One goal of the Jewish Federation of Greater Atlanta’s participation in Partnership2Gether is to strengthen the ties between Atlanta’s Jewish community and Federation’s sister region in Israel, Yokneam and Megiddo.

The launch of the American-style Jewish camp Kefiada in Yokneam this summer will contribute to that goal.

The camp is part of Federation’s mission to connect people through various programs and long-term experiences in Israel, the best way to get people passionate about the Jewish state, said Roey Shoshan, Federation’s Israel and overseas director.

Kefiada, which means “fun Olympics,” is a way for Federation to reflect Yokneam and Megiddo’s support for Atlanta, Shoshan said. “They always host us and offer ideas for programs, and it’s great, but we wanted to do something for them.”

The three-week camp would like to enroll 40 to 50 kids this summer, he said. It will help improve the Israeli youths’ English, transfer the experience of an American summer camp to Israel, and strengthen Atlanta’s relationship with Yokneam and Megiddo.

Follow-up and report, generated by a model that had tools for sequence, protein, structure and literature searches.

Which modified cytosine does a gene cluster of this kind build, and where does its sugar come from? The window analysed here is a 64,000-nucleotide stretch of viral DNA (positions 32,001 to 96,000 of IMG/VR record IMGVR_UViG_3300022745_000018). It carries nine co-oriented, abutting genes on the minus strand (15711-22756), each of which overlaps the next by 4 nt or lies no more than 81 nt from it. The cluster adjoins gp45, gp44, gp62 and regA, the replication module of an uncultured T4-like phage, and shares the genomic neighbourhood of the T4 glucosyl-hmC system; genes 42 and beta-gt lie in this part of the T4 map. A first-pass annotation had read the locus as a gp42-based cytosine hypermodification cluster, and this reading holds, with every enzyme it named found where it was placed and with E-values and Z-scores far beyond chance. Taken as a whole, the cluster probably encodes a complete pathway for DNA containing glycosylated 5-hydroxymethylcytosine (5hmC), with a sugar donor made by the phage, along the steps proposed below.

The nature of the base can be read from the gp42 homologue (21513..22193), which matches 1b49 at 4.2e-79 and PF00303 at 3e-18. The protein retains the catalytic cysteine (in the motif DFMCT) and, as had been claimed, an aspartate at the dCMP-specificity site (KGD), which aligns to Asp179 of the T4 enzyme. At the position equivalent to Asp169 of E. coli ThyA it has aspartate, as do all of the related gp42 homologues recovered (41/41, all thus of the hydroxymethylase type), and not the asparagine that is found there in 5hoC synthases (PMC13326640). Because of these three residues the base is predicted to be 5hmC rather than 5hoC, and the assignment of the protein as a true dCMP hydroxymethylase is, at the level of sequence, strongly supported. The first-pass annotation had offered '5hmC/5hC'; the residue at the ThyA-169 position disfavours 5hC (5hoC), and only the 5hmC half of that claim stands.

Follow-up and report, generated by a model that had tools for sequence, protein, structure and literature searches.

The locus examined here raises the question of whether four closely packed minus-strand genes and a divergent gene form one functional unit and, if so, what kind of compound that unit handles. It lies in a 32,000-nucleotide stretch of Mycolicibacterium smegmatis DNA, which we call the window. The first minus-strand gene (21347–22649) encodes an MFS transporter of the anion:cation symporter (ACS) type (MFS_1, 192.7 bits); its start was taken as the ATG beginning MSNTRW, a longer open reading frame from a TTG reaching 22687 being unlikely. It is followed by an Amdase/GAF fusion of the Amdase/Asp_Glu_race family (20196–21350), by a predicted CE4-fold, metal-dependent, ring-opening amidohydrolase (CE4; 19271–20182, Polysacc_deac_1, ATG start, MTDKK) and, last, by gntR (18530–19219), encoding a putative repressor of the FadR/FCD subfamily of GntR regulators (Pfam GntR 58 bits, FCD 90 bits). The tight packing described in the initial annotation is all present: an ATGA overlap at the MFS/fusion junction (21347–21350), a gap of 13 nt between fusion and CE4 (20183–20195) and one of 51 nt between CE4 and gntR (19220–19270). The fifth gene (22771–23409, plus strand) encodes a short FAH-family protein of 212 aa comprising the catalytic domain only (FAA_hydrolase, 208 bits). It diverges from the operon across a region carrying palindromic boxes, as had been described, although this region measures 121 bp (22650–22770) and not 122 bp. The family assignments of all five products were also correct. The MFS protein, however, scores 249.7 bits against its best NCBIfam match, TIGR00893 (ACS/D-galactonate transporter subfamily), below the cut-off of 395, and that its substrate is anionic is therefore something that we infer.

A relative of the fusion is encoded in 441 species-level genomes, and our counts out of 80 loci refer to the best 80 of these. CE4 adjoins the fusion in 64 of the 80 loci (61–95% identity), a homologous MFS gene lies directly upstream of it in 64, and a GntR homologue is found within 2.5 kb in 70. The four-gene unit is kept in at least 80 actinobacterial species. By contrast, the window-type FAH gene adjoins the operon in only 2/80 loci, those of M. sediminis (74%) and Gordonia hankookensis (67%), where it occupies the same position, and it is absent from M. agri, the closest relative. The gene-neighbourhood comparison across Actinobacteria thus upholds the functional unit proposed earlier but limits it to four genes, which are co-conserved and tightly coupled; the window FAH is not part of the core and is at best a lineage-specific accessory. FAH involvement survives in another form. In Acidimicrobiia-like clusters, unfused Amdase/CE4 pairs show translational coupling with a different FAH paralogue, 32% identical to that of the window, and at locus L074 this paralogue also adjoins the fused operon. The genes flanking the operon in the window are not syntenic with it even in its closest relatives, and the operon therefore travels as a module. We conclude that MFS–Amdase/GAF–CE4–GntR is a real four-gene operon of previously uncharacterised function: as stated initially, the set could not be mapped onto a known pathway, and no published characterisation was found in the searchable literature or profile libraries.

Every day the counselors will come up with 10 English words to teach the kids through games or songs in the style of American Jewish camps, Shoshan said.

The American counselors will stay with host families to familiarize themselves with the community and go on organized weekend trips. They will receive free airfare and a stipend for personal expenses.

Shoshan hopes by late April to select four counselors ages 20 to 25 who have a passion for Israel and experience in summer camps to travel to Israel for three weeks at the end of June. The counselors will be paired with Israelis and receive training by the Jewish Agency for Israel.

Candidates can apply at jewishatlanta.org/kefiada.

Each counselor will lead a bunk with about 12 children ages 9 to 12.

“I have no doubt that these counselors will come back after spending a month in Israel as great advocates for the program and our community,” Shoshan said. “Camp is all about forming relationships, and these kids are going to remember us forever.”

Shoshan hopes that within 10 years the program will produce a cohort of 40 people who stay connected and mentor the next generation in the region.

“We would really like to see more Israeli kids in our local camps,” Shoshan said, “and I think the program is a great way to introduce them to that.”